Graduation rates are up, teen births are on the decline and fewer children are living in poverty — all, at face value, indicate Florida is moving in the right direction.
Yet, while some numbers in the recently released 2019 Annie E. Casey Foundation Kids Count Report show a slight improvement in a few areas, we have substantial work to do. Florida still lags behind much of the nation, ranking 37th in child well-being – a three-point drop in just one year.
This should matter to every Floridian — the factors affecting child health, safety and well-being today drive the societal and economic consequences tomorrow.
Today, one out of every five Florida children lives in poverty — a mere 3 percent improvement since 2010. We must do better.
Not only because it’s the right thing to do for children, but also because it’s the best thing for our economy.
Let’s connect the dots.
Children in poverty are three times more likely to be abused and seven times more likely to endure neglect.
When these threats to safety and well-being trigger involvement in the foster care system, the outcomes for kids immediately plummet.
No matter how positive their experience in foster care may be, the simple fact that they have been removed from their families and placed into care lowers their chances for success. And for those who, sadly, grow up in foster care and exit the system without a family, the future is bleak.
Twenty percent will become homeless. Only 50 percent will be employed by age 24. They’re 10 times more likely to commit a crime.
And they are 75 percent more likely to rely on the government just to meet their basic needs, perpetuating the cycle of dependence on public welfare funding.
That’s a price we all pay.
It doesn’t end there.
Children in poverty also are five times more likely to drop out of high school. Immediately, Florida suffers a loss in the talent pool and, more than likely guarantees another cycle of poverty.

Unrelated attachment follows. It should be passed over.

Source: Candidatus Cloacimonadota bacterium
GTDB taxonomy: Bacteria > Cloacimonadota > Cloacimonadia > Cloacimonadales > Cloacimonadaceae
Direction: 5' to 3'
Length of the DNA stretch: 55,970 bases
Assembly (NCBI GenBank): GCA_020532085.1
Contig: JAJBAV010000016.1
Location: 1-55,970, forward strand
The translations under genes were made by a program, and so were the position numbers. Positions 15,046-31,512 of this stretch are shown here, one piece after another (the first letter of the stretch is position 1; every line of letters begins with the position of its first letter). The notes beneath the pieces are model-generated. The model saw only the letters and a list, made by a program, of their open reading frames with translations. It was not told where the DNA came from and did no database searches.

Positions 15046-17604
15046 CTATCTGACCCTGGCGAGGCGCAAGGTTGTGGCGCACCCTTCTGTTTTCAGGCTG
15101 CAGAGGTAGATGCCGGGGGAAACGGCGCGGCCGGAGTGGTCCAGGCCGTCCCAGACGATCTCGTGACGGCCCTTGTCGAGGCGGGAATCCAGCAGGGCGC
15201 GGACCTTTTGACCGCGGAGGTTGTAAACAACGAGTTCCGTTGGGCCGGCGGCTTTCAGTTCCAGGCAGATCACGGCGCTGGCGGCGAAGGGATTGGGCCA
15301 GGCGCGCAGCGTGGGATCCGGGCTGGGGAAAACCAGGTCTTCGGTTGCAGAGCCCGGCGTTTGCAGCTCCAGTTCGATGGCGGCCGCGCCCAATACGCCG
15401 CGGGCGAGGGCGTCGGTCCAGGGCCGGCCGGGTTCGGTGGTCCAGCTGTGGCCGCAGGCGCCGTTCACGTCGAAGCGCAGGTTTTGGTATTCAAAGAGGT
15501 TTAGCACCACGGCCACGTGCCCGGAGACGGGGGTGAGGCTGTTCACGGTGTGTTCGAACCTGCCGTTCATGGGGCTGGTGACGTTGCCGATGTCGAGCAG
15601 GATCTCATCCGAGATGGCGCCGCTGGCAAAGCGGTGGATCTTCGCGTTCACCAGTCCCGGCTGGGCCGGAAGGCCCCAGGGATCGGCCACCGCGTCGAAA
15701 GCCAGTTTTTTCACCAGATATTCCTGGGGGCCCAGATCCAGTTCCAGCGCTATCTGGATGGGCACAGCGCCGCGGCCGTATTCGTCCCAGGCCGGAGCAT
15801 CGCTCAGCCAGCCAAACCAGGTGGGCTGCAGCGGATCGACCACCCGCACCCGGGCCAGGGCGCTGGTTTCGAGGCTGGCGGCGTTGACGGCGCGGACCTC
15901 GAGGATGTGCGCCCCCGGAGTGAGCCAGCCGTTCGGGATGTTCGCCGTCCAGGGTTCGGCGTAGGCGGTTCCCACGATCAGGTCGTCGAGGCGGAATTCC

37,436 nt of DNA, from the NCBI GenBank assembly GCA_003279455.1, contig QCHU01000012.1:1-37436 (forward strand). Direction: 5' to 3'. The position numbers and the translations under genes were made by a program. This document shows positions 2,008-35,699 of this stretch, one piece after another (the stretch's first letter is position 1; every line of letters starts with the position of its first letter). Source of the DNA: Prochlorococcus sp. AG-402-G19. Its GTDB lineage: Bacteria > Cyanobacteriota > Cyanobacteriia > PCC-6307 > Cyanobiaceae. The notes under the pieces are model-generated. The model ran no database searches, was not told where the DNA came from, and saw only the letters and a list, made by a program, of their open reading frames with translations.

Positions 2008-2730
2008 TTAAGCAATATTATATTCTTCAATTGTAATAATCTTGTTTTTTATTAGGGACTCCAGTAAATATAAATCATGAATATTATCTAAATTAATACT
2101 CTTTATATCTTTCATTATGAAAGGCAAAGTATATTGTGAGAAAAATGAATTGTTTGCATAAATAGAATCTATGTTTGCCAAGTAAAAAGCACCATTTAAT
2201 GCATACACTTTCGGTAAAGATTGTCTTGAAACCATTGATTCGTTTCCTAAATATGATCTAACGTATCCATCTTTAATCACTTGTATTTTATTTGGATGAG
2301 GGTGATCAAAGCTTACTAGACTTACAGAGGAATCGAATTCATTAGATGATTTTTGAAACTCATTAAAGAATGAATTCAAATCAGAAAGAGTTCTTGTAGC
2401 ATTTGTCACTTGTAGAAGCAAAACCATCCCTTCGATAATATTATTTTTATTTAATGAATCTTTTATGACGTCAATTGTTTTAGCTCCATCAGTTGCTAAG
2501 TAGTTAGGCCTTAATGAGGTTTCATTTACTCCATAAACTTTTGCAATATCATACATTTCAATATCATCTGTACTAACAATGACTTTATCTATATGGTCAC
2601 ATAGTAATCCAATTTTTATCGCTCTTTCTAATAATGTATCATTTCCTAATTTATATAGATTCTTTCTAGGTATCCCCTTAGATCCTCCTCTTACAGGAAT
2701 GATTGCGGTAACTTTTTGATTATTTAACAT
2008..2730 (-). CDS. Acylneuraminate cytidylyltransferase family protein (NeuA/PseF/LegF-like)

And those who drop out are 63 times more likely to spend time behind bars as an adult.
The cost to society — over and above lost potential: $292,000 per dropout.
That’s why we at Children’s Home Society of Florida remain passionate about delivering the right solutions to change the circumstances — especially for kids living poverty, those who have suffered trauma and those battling mental health challenges.
It’s not enough to try to reach individuals afterlife situations steal their potential and future societal contributions. We must proactively address issues that create the domino effect of destruction.
That means reaching the whole child, the whole family — from cradle to career and beyond.
We’re moving full speed ahead, but we can’t do it alone. We need this entire community to jump on board, to collaborate, to innovate and to fund the solutions that will take Florida from number 37 to number one.
It’s not just our children’s future that depends on it the future of Florida is riding on it.
Originally posted by: TCPalm